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Texas regulators on Wednesday advanced a plan for reducing pollution at its national parks that lacks any new limits on air pollutants that cause haze and disregards concerns voiced by federal agencies and environmentalists alike.
Texas’ proposed plan — which is required by the federal government to improve visibility at national parks and other federally protected areas — would not require coal plants in Texas to do anything differently to reduce haze on the federally-managed lands. Environmentalists had hoped Texas would require the power plants, one of the largest contributors to haze, to install pollution-reducing technology, such as scrubbers, that most other states have required for several years.
Texas has long fought the federal government over just how far its pollution regulations need to go to comply with the Clean Air Act’s requirement to reduce haze and increase visibility at Big Bend National Park, Guadalupe Mountains National Park and other federally protected areas impacted by Texas pollution.
The first phase of Texas’ haze plan, which is reviewed each decade, is tangled up in court after environmental groups sued over a plan that they said was too weak. The second phase — which was approved for submission by the Texas Commission on Environmental Quality on Wednesday ahead of a July 31 federal deadline — lacks new regulations for pollution.
Public documents show that some federal agencies don’t think the Texas plan approved by commissioners on Wednesday is adequate.
“The [National Park Service] has welcomed the various briefings and discussions held with the State of Texas since March 2020,” wrote Michael Reynolds, a regional director of the National Park Service, in a November letter to TCEQ. “However, after reviewing the draft [state implementation plan], the [Park Service] continues to have many of the same concerns.”
The National Park Service and the U.S. Forest Service wrote that Texas overestimated the cost of new pollution controls on power plants and ignored their concerns that some federally protected sites were left out of the TCEQ’s analysis.
In a statement, a TCEQ spokesperson said the agency reviewed the costs of new pollution controls in response to those criticisms by federal agencies and found Texas’ analysis complied with federal regulations.
The TCEQ argues that it’s unreasonable to impose regulations that would improve visibility “to a degree that is imperceptible to the human eye at the costs described.” State regulators on Wednesday said that previous measures to reduce haze at national parks have already put Texas on track to improve visibility, and no new regulations on the more than a dozen pollution sources identified by TCEQ as causing haze on the federal lands is necessary.
Two of the pollution sources identified by TCEQ included an Oxbow Calcining petroleum coke plant (petroleum coke is used by the aluminum industry) in Port Arthur and NRG’s WA Parish coal power plant in Fort Bend County, southwest of Houston. Oxbow, in comments submitted to the TCEQ on the plan, agreed with the agency’s rationale that new pollution controls were not necessary to reduce haze.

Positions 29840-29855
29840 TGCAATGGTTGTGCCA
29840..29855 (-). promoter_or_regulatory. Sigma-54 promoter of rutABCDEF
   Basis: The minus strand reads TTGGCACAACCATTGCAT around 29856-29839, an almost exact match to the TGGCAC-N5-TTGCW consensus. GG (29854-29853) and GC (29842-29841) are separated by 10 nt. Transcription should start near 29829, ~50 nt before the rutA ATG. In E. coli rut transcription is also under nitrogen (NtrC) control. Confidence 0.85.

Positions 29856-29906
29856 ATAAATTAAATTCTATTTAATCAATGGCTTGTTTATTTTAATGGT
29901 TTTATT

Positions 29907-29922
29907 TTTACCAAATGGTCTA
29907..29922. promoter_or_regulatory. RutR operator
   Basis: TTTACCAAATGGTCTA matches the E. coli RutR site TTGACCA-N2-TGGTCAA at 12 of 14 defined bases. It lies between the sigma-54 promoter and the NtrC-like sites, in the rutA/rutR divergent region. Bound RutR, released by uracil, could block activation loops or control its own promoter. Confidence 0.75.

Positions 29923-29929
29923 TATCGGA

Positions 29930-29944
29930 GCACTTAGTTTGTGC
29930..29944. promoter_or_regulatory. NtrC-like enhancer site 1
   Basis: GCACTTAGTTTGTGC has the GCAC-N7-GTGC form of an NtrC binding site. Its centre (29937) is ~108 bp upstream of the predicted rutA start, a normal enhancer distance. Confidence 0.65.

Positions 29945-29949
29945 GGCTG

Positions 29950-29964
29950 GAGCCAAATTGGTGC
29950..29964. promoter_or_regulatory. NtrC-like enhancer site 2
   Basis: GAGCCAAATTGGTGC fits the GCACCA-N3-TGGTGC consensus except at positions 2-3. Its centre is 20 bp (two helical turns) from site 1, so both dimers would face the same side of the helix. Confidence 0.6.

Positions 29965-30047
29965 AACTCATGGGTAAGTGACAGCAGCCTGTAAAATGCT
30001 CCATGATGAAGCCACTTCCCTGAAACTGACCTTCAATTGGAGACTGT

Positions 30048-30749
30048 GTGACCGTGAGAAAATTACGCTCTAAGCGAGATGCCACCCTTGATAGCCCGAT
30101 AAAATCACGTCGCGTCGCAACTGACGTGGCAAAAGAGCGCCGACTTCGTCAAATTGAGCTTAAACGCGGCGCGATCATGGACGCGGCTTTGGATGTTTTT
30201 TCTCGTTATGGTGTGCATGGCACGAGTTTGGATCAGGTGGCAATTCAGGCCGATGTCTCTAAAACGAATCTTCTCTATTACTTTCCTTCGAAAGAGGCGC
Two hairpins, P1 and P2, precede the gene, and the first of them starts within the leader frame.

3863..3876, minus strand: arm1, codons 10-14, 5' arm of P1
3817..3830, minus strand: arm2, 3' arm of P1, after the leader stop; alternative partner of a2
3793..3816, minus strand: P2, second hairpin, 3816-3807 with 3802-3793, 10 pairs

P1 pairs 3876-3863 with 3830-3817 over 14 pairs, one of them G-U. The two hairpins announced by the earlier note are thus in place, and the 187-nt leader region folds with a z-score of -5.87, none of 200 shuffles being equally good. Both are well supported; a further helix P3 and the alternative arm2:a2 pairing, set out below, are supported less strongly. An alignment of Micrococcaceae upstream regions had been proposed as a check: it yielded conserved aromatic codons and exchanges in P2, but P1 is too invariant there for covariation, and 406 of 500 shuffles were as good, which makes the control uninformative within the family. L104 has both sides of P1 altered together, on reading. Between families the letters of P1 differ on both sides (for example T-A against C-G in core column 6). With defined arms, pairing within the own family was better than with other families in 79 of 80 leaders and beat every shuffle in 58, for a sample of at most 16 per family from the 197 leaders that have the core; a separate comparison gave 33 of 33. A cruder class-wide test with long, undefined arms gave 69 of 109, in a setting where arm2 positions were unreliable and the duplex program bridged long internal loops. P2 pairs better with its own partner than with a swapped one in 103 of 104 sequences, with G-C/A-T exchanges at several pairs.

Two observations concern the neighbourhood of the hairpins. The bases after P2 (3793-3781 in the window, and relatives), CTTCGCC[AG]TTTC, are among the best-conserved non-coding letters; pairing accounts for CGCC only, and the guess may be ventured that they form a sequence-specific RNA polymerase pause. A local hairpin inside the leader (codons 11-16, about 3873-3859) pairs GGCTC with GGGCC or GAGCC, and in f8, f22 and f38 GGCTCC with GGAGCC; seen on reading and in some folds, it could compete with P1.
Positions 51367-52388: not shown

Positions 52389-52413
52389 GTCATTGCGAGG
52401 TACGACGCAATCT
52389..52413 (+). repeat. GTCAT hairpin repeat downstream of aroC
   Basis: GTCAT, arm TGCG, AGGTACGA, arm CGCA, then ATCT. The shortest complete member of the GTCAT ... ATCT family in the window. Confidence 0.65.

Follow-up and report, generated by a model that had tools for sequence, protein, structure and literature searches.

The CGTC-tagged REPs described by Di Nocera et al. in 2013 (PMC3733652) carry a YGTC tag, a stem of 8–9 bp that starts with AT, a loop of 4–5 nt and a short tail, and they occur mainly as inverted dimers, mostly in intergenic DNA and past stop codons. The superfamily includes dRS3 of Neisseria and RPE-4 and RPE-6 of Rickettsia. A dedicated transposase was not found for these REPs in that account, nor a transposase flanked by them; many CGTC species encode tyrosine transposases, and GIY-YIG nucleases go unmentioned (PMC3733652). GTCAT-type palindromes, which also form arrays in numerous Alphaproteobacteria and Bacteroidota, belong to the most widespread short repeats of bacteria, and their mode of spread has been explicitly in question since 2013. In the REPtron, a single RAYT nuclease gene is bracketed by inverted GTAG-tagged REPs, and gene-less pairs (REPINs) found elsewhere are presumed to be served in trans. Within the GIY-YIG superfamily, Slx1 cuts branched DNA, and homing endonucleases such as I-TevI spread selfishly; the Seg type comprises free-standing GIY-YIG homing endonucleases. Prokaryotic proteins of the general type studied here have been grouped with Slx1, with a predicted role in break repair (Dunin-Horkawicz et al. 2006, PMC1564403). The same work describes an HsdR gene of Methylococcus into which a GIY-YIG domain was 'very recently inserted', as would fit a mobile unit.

But the National Park Conservancy Association said many more plants were left out of the analysis. The nonprofit group identified 58 Texas facilities that could contribute to haze on federally protected lands. TCEQ, however, only identified 18.
“None of our concerns were addressed or incorporated [by TCEQ],” said Cary Dupuy, Texas and Oklahoma regional director for the NPCA.
Some environmental experts said that submitting a plan that lacks new pollution controls is likely to prompt the federal government to step in — again. Under President Barack Obama, the Environmental Protection Agency rejected the first phase of Texas’ haze plan and imposed one of its own, which would have required seven of Texas’ coal-fired power plants to install equipment to lessen visibility-reducing emissions.
The EPA’s move was blocked by a court after Texas Attorney General Ken Paxton sued. The EPA under the Trump Administration subsequently reversed course and said Texas could instead use a cap-and-trade program to reduce emissions of sulfur dioxide, an air pollutant that contributes to acid rain, causes haze and is often emitted by coal-fired power plants.
“By adopting a do-nothing plan, TCEQ is almost certainly going to attract lawsuits and will see this plan rejected by the EPA, much like the EPA rejected the previous plan under phase one,” Daniel Cohan, an atmospheric scientist at Rice University who has previously worked on regional haze plans, said during the Wednesday TCEQ meeting.
Cohan told commissioners that he was “astounded” to see the proposal would take no new actions to reduce air pollution. A 2018 study by Cohan and other researchers found that pollution from Texas coal power plants may contribute to more than 100 premature deaths in Texas each year. He said failing to increase requirements is a missed opportunity to save lives.
But state regulators say those health concerns are irrelevant to the law.
“I think what we have here, is just a fundamentally different view of what this provision of the Clean Air Act is about,” said Niermann, the TCEQ commissioner. “It’s about visibility — it’s an aesthetic standard.”
Texas environmental groups, frustrated with the state’s lax attitude toward climate change, also objected to the plan in part due to the impact of haze on climate change, but were met with the same response: The agency said climate change was “outside the scope” of the regulation.
Disclosure: Rice University has been a financial supporter of The Texas Tribune, a nonprofit, nonpartisan news organization that is funded in part by donations from members, foundations and corporate sponsors. Financial supporters play no role in the Tribune’s journalism. Find a complete list of them here.